f Humanisticus: Christian Schools Deny Students Life-Saving Vaccine

Thursday, 19 July 2012

Christian Schools Deny Students Life-Saving Vaccine

Christian schools in England have denied their female pupils a vaccine which prevents a form of cervical cancer. Cervical cancer kills about 1000 women yearly in the UK and one of the causes is the HPV virus which accounts for 70% of cervical cancer cases. It also causes 80% of anal cancers, 60% of vaginal cancers, and 40% of vulvar cancers. The disease is mainly spread through sexual intercourse but can be spread through other means. The vaccine is offered to girls aged 12-13 to protect them from the virus and lower the risk of contracting cervical cancer. However, some Christian schools have not allowed their pupils to be vaccinated based on religious grounds. They state that 'pupils follow strict Christian principles, marry within their own community and do not practice sex outside marriage'. Not too sure where to begin here, either the delusion that all their students won't have sex before marriage, the fact that they could be virgins at marriage but still contract the disease later in life or the fact that it is not their choice whether or not a student gets vaccine for cancer! I think the last point is most sickening; to withhold a vaccine for cancer from a student because they think that they will only be infected with virus by going against their ethos. If they want to teach their Christian ethos, fine, but they cannot deny students certain forms of healthcare because their ethos might be violated.

In trying to find a motivator for these schools denying the free vaccinations I have struggled to find a reasonable one. There are only two reasons why they would do so.

1. They actually do believe it isn't necessary because they honestly believe that their students won't have premarital sex. If so, this shows these schools are not in touch with reality and are ignoring a plethora of studies which show teenagers in the UK are quite sexually active and that the majority have premarital sex, even those in Christian communities. This also ignores the fact that they can still catch the HPV virus even though they do not engage in premarital sex or have multiple partners.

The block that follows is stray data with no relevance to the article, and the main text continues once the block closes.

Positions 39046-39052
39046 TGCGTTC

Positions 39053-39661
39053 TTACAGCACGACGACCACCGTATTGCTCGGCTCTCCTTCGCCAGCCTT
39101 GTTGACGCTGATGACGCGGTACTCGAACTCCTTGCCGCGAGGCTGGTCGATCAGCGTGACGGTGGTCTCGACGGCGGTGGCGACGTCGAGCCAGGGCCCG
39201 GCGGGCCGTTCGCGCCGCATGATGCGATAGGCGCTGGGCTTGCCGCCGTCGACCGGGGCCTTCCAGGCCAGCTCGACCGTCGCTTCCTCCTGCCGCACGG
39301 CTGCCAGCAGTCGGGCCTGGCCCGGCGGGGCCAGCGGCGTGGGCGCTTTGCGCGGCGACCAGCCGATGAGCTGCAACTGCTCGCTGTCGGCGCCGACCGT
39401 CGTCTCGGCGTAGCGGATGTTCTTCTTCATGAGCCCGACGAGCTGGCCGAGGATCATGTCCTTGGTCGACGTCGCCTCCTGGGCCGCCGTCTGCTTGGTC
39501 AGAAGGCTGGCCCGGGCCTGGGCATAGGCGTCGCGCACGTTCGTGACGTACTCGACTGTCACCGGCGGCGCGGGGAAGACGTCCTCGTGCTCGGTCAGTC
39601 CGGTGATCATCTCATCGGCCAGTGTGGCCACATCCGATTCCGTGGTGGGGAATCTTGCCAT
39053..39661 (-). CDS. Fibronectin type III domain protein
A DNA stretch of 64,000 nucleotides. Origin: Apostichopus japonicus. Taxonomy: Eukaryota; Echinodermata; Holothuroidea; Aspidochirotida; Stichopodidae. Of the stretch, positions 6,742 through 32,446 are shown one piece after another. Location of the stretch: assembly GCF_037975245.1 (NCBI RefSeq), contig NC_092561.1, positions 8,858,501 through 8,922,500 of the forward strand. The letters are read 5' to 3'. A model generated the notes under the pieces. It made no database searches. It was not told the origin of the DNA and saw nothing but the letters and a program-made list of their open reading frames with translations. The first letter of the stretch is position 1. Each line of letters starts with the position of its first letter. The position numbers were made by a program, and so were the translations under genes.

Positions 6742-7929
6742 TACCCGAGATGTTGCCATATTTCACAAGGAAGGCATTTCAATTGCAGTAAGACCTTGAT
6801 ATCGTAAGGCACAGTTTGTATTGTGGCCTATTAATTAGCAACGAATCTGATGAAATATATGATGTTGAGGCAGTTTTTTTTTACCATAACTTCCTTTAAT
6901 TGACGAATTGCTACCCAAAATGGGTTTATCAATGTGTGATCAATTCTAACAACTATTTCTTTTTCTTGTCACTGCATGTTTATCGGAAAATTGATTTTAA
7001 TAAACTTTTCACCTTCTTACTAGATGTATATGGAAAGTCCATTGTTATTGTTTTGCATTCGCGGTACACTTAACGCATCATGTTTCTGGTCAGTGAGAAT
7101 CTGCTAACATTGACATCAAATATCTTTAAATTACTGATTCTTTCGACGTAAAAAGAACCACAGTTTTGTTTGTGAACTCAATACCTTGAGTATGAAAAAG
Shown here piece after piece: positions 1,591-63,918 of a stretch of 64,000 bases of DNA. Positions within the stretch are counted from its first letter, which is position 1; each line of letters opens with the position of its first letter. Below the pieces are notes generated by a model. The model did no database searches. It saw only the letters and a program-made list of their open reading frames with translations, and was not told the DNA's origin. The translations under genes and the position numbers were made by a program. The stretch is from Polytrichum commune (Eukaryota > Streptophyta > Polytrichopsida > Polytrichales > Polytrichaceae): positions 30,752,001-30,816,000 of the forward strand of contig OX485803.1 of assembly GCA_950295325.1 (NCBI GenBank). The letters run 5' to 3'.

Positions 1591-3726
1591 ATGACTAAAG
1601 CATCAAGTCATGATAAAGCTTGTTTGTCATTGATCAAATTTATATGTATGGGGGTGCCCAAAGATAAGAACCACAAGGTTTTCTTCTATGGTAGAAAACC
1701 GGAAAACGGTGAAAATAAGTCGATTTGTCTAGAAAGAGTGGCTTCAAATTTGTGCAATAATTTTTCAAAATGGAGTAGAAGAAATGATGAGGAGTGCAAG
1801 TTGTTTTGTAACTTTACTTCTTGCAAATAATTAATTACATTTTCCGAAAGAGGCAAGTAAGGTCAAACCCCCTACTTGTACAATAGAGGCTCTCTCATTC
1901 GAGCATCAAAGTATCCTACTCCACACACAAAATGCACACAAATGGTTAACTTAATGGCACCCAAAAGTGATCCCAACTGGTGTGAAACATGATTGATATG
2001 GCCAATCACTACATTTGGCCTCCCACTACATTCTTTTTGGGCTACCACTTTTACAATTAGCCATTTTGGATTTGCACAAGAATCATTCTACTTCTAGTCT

2. They feel that by allowing the vaccinations they are A) endorsing promiscuity or B) are afraid their students will become promiscuous after been inoculated as they feel medically safe to do so. I think this might be the case. The schools believe only by being sexually promiscuous can woman contract the HPV virus so by allowing a vaccine to prevent HPV then they are allowing promiscuity. This is silly, the vaccinations no more endorse promiscuity and premarital sex than the flu jab endorses walking around at night naked with a wet towel around your head. It just means that if you chose to do so, which people are free to do, then they can do so more safely. 

Now admittedly trying to guess the motives of the schools is just that, guess work. Due to the lack of information these schools are providing, it is impossible to ascertain exactly why the schools have refused their students the vaccinations. What is clear, however, is that the refusals are most definitely religiously motivated and as always, the religious have put themselves and their religion before the welfare of children. Maybe, just maybe, they will get it right at some stage in the future and put their fellow human beings before their beliefs. I am not holding my breath......

Source: Guardian

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  1. This argument against HPV vaccination makes me so angry. My mother died 3 years ago from cervical cancer. She was Christian and only had one sexual partner in her life. Even if these girls do remain with one partner only, can they trust their other half to do the same.. The idea that these girls don't need the vaccine or it will make them promiscuous is stupid and reckless with their lives. Karen

    1. Agreed. It is quite clear that they don't care about the welfare of their students. Even though it is still wholly possible to contract HPV even if they follow the Christian ethos. They are still unwilling to allow vaccinations as it just might appear they are breaking this ethos. It is pure self-serving with no care or morality shown.

  2. Just like to point that it's not the catholic schools.

  3. This is sad. There are studies already that shows how there is a significant drop of HPV infections by half among teen girls, so taking the vaccinations matters a lot. The vaccine that created this impact, Gardasil, requires a recipient to receive three shots. What's sad about this is only half of the teen girls in the US received at least a dose of it, and only a third among these teens get the complete three shots.

    I personally don't know how to react to this one because obviously, even if we can't ascertain their reasons as to why they don't provide vaccinations for the students, the religious concerns of Christianity surfaces on the issue. I myself am a Christian, but since I value my body because God lent it to me, I should be aware of what things to do in taking care of it.